Russias only reprocessing plants right to dump radwaste into lake is questioned by local envirogroups. Court accepts suite against the dumping practice.
On January 4, the Arbitration court of Ural county agreed with the appeal of the local greens to examine the legality radwaste discharges from Mayak plant at Chelyabinsk court of arbitration. The court hearing on this case should take place not later than in one month.
Chelyabinsk environmental groups, among them Movement for Nuclear Safety, filed a suit against the Mayak reprocessing plant to Chelyabinsk regional court of arbitration in October 2000. Courts of arbitration in Russia deal with cases related to economical disputes. The groups wanted the court to acknowledge that radioactive discharges from the Mayak plant into the Lake Karachai and other reservoirs are illegal. The main argument of the greens was the lack of appropriate licence for such activity of the reprocessing plant from the Russian State Nuclear Regulatory.
The court turned down the suit arguing that the claims are not of economic character and thus the case should be examined by the courts of common jurisdiction. A note prepared by Committee on Radiation and Environmental Safety of Chelyabinsk county in 1998 said, however, that activity of the Mayak plant, including the discharge of liquid radioactive waste, caused a damage to the region equal to $9 billion. On January 4th, the Ural county court of arbitration in Ekaterinburg agreed with the appeal of the greens and obliged the Chelyabinsk regional court of arbitration to examine the case anyway.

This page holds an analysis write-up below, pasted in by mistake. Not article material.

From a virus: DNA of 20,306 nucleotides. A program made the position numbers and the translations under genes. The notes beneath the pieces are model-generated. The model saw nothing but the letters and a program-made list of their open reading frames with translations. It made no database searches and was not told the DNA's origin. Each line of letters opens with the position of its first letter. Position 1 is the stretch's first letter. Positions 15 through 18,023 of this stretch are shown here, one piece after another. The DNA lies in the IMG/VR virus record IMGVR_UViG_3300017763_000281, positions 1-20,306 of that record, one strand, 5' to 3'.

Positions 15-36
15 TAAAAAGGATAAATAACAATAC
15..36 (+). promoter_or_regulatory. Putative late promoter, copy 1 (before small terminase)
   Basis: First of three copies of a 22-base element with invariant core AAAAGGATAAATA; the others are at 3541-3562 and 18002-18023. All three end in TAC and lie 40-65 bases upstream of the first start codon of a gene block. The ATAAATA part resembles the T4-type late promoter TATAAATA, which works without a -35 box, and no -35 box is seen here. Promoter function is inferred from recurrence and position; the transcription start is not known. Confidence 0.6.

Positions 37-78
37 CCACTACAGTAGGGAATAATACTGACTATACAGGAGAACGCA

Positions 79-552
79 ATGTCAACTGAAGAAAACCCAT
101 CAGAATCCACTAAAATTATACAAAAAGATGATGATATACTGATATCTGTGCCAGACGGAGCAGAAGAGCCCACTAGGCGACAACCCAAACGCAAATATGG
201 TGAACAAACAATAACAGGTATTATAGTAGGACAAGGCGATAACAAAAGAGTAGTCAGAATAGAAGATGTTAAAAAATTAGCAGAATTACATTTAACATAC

According to the Russian legislation, the decision of Ural county court of arbitration is final and is not a subject for appeal. The new hearing should take place within a month from the date of the decision announcement.
Mayak plants press-spokesman, Yevgeny Ryzhkov, said to RIA News the suit filed by the groups is politically motivated. Ryzhkov also added that the current Russian legislation does not prohibit dumping of radioactive waste into closed reservoirs, f. ex. lakes. We have never had licence [for dumping radwaste into the Lake Karachai] because it is not required by the current laws or regulations, Ryzhkov said. The administration of the Mayak plant, Ryzhkov added, wants to stress that banning the dumping practice would lead to the closure of the Mayak plant, which employs around 15,000 people.
Mayak Chemical Combine (MCC) used to operate six reactors for the production of weapons-grade plutonium. Five of them were graphite-moderated while the sixth was originally a heavy water reactor. These reactors have now been shut down. The heavy water reactor was later modified to a light water reactor, which remains in operation today. An additional light water reactor produces isotopes for civilian use. The plant has a reprocessing facility (RT-1) in use and about 100 storage tanks containing high level radioactive waste.
From 1949 until November, 1951, all liquid waste from reprocessing activities were discharged into the Techa River. Since these discharges led to the contamination of large areas, the most highly radioactive waste was dumped into Lake Karachai instead. The waste was discharged directly into the lake until 1953, when a temporary storage facility was taken into use, however, low and medium level waste still continue to be dumped into the lake.